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A CurtainUp Review
By Elyse Sommer
Joe Penhall's Blue-Orange, which garnered a raft of awards in London, has arrived the Atlantic Theater. It's a psychological boxing match in which the patient whose treatment triggers a professional disagreement between two psychiatrists becomes their punching bag. Since the plot remains as summed up Lizzie Loveridge's review of the West End production is unchanged and I refer you to the link at the end of this review instead of repeating its details here. Unfortunately, the play has not crossed the Atlantic with quite the electricity it generated in England.
For starters, the Atlantic is not set up to enable director Neil Pepe to stage the play in the round with some seats right on the stage, which was the case when it ran at the National Theatre and during its transfer to the West End. Designer Robert Brill has recreated the minimalism of the original set most effectively -- a raised platform furnished only with a water cooler, three chairs, and a table to hold the bowl filled with the oranges that give the play its title is encircled in gunmetal gray without a single decorative touch. The escalating tension builds on the sense of that raised platform as a boxing ring but it's easy to imagine how sitting all around the actors, your eyes following them following each other around, would make for a more dynamic connection.
If the play were as compelling as its critical and box office success led us to expect, it would not to be reliant on a specific type of staging and the above would be a minor quibble. However, despite the young playwright's often razor-sharp dialogue, Blue-Orange's only real link to Copenhagen (review) to which it's frequently been compared, is that it features three actors arguing incessantly -- in this case about mental health care, professional ethics, careerism and racial prejudice.
There's also the matter of this cast's fully realizing ambiguities of their characters. The most successful and fully sympathetic of the trio is Harold Perrineau, Jr. as Christopher, the punching-ball patient who often sounds less -- or at least, no less -- in need of psychiatric help than the doctors. From his first appearance on stage, it's obvious that Chris is more than just a hyper nervous slum kid. Even as his mood swings show that there are grounds for young Doctor Bruce's concerns about his delusions (the oranges he sees as blue, the claimed kinship to erstwhile African dictator Idi Amin), it also becomes clear that maybe Bruce's eagerness to prove himself as an astute and caring doctor worthy of an appointment as a permanent consultant may be exacerbating rather than alleviating the hapless patient's problems. Perrineau captures all the nuances of a paranoid volatility, alienated child of two cultures, and bewildered hostage in a fight that has nothing to do with helping him.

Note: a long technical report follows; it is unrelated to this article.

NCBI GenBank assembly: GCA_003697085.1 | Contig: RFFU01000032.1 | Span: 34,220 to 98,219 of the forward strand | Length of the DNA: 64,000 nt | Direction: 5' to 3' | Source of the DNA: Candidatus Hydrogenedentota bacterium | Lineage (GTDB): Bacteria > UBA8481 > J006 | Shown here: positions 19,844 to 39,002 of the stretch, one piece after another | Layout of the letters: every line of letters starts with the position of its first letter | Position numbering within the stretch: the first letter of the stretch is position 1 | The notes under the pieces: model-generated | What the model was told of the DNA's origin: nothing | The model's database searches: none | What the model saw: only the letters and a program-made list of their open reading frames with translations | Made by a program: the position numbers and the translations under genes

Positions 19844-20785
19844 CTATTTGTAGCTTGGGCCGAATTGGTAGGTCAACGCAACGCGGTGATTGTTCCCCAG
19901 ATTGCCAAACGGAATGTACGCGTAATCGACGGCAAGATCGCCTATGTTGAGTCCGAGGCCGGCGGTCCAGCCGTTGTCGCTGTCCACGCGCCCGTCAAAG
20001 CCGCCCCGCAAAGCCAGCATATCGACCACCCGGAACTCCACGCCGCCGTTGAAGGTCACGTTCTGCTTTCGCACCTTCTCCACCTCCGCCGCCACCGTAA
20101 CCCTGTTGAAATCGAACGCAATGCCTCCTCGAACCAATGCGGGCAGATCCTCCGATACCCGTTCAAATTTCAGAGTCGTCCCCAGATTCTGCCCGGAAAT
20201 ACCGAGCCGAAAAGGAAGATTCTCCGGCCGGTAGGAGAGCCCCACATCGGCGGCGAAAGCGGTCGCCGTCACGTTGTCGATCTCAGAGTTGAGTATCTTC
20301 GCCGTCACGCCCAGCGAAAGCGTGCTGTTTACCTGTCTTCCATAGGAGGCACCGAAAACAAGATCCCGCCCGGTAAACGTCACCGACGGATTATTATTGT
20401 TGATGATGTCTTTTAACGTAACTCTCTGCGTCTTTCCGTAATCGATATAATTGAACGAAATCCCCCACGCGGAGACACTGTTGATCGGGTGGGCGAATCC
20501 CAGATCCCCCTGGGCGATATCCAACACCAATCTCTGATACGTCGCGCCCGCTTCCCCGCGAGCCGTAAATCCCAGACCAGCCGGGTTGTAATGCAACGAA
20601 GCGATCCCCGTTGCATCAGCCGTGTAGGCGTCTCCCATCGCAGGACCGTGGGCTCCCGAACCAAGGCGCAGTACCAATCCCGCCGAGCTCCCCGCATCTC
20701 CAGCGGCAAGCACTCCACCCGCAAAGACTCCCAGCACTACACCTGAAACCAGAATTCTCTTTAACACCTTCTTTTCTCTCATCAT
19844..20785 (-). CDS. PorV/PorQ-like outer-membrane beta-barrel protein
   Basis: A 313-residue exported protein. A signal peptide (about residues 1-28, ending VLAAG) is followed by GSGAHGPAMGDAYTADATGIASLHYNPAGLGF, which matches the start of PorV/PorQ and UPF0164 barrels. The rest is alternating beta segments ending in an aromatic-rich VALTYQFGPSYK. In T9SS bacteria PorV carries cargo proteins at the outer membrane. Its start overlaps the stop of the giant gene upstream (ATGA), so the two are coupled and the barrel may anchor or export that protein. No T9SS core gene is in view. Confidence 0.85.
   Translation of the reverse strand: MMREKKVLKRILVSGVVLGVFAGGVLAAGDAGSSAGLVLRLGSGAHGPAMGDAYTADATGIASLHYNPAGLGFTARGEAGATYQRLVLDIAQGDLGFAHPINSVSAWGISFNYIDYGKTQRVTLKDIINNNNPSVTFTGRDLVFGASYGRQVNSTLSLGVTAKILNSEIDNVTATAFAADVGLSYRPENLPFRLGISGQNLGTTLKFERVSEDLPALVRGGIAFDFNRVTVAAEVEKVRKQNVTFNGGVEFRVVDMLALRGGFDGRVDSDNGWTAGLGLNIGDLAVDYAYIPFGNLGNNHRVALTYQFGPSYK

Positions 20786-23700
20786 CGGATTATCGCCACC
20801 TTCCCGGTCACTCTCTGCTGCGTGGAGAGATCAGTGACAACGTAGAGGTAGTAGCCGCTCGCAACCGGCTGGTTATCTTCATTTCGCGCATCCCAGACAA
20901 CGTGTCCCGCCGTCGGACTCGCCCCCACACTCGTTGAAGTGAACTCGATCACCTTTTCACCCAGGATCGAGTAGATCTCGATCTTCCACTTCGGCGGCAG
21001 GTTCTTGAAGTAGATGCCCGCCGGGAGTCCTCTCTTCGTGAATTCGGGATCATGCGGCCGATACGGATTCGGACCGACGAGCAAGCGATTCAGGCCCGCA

Zeliko Ivanek is quite good in portraying Robert as the manipulative, ambitious bureaucrat. He is less convincing as the more likeable intellectual who quotes poetry and R. D. Laing and still hopes to do something important -- but within the constraints of the system in which he aims to climb a few more rungs of the career ladder. The younger doctor also needs to be both sympathetic and unsympathetic. Glenn Fitzgerald, whose work I greatly admired in Kenneth Lonergan's Lobby Hero ( Review) is properly earnest and full of outrage but, as Robert is better at being appalling than appealing, Fitzgerald fails to register strongly in the reverse direction.
The play's problems pertaining to the national health system are not all that irrelevant to Americans who grapple with ever more costly and ineffective health coverage and who have seen the closing of mental institutions send thousands of incompetent to cope people into the streets. The English system is obviously as full of flaws as ours -- as Penhall's lavishly lauded play, is as flawed as many of this season's homegrown dramas.
Blue-Orange in London
Review of another Penhall play, Some Voices
6, 500 Comparative Phrases including 800 Shakespearean Metaphors by CurtainUp's editor.
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